A Melbourne Chef Turning to Tradition

Sep 24, 2020

How Nicole turned to the recipes of her grandmothers to get her through this global pandemic.

Young Melbourne chef Nicole knows hard work. After moving here 3 years ago from Indonesia to study cookery in Le Cordon Bleu Melbourne, she has been put through her paces to make her way in this challenging and bustling industry. “It was so hard to find a job at that time because I didn’t have any Australian qualifications and my working hours were restricted because I was on a student visa.”

Through sending emails after email and dropping resumes to countless businesses, she secured her first job in a café, then on to Food and Desire Catering company, “in there I learnt a lot of new things which allowed me to get more experience.”

After finishing her Certificate III at Le Cordon Bleu, her industry placement landed her at a top Melbourne restaurant, “I had a trial at Merchant Osteria Veneta to get a second job, but a miracle happened! The head chef said he will send me to Grossi Florentino upstairs. I accepted the offer right away and I went to work.”

Nicole worked there for 2 years and after finishing the placement, got her contract extended, allowing her to work as the first casual chef so she could continue her study at that time. After working at Grossi Florentino, Nicole began working as Chef de Partie at Marnong Estate in February 2020.

“When I got the job at Marnong Estate, I was in the middle of applying for my post-graduate visa. My post-graduate visa got approved at the same time that COVID-19 happened, and unfortunately it’s now been very hard for me to fulfill the required working hours for my post-graduate visa because I haven’t worked since the pandemic forced all restaurants to close.”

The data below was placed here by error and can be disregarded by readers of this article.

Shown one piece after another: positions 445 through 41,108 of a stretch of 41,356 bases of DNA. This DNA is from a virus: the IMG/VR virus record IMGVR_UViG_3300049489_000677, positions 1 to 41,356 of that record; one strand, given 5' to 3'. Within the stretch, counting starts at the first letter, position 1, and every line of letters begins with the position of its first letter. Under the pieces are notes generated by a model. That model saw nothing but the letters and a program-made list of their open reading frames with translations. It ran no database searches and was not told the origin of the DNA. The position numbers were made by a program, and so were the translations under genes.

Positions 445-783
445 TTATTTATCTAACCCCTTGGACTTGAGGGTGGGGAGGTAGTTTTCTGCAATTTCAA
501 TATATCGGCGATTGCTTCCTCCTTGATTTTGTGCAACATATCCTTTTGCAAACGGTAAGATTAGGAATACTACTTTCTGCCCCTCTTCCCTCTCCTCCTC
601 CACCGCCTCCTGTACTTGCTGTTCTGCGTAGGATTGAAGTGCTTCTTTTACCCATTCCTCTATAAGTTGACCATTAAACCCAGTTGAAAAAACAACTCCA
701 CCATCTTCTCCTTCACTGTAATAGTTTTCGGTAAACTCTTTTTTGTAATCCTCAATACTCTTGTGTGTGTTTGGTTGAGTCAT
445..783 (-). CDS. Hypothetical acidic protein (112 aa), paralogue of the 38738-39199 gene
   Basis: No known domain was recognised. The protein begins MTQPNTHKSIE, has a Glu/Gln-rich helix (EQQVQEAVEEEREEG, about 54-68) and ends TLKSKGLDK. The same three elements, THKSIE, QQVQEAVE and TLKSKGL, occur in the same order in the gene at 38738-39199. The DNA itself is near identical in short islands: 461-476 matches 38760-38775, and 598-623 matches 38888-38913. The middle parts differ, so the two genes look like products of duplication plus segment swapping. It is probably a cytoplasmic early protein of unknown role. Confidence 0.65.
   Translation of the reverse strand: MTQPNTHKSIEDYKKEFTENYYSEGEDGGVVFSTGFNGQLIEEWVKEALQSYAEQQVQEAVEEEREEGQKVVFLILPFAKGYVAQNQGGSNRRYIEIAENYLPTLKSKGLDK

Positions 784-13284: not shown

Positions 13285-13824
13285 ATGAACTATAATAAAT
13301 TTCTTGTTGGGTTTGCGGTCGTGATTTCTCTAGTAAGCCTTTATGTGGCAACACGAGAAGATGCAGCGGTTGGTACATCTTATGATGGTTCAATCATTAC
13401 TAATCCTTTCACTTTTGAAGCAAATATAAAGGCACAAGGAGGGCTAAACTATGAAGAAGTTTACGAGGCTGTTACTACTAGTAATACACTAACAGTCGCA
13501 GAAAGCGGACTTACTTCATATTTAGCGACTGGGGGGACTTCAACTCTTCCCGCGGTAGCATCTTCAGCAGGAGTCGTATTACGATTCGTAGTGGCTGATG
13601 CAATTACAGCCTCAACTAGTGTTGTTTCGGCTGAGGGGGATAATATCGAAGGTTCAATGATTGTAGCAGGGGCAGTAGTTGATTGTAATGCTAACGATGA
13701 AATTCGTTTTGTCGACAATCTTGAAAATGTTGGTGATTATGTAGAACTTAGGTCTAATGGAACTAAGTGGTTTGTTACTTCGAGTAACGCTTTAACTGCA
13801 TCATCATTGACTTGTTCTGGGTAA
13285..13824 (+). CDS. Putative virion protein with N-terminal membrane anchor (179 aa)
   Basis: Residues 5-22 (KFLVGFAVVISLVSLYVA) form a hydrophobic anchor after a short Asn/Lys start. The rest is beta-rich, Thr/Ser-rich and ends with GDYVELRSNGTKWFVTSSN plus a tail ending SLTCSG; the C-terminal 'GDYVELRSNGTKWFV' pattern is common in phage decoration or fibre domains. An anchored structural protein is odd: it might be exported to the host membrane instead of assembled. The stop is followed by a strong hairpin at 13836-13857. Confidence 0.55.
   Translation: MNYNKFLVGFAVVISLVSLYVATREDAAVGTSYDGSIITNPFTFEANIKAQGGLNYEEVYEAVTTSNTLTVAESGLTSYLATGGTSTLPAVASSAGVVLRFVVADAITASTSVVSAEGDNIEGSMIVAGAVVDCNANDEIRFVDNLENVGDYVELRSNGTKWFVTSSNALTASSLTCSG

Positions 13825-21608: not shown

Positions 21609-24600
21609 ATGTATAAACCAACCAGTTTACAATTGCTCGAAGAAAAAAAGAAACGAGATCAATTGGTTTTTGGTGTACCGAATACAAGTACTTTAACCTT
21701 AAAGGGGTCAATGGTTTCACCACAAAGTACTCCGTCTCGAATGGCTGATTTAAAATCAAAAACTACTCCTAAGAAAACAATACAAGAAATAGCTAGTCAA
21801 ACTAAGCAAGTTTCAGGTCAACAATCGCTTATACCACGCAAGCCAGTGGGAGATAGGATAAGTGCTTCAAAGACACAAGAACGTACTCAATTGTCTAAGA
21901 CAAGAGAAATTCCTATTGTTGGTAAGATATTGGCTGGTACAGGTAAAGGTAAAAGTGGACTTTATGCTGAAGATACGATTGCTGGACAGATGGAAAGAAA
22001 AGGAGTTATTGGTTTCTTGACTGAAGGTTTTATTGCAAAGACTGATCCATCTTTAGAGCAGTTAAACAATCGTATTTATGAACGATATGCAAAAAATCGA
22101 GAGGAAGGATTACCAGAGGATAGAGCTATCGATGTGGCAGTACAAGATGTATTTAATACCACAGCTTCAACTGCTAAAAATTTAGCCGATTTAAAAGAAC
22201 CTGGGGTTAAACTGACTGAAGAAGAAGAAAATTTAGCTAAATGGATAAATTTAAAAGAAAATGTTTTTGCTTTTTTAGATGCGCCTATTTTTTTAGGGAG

This is quite a familiar tale across the industry. So many visa holders found themselves in such a difficult position with no job, no access to government benefits and bills to pay. But, like any hard working and resilient professionals we have seen rise up during these difficult times, so too did Nicole.


“Since I had a lot of free time, I started to explore more about Indonesian foods. My grandmas taught me a lot about how to cook Indonesian food, both of them have small food businesses in Jakarta, Indonesia.”

“They are like the best of the best, their food is amazing! So I use my grandmas’ recipes and adjust them a little bit so people can enjoy more based on the Australian palette (because most of the Indonesian food is so spicy!).”

By the end of July, this young chef was ready to bring her traditional Indonesian cooking to the public, and started her home-based Indonesian food business, Mangan Yuk!, meaning ‘Let’s Eat! In Javanese and Bataknese.

“I then decided to open a home-based Indonesian food business. I registered my food to my local council, got all the documents approved and now I can sell my food legally and safely.”

“My vision for Mangan Yuk! is to introduce Indonesian culture and food to the locals. The response has been amazing how they love the Indonesian food that I make!”

Nicole knows that this has not been an easy road, with many others like her struggling to get through this unexpected and extremely difficult time.

“I hope I can inspire fellow temporary visa holders to never give up and always have faith.”

For more information and to get your hands on some of Nicole’s delicious Indonesian cuisine, head to @manganyuk.au.

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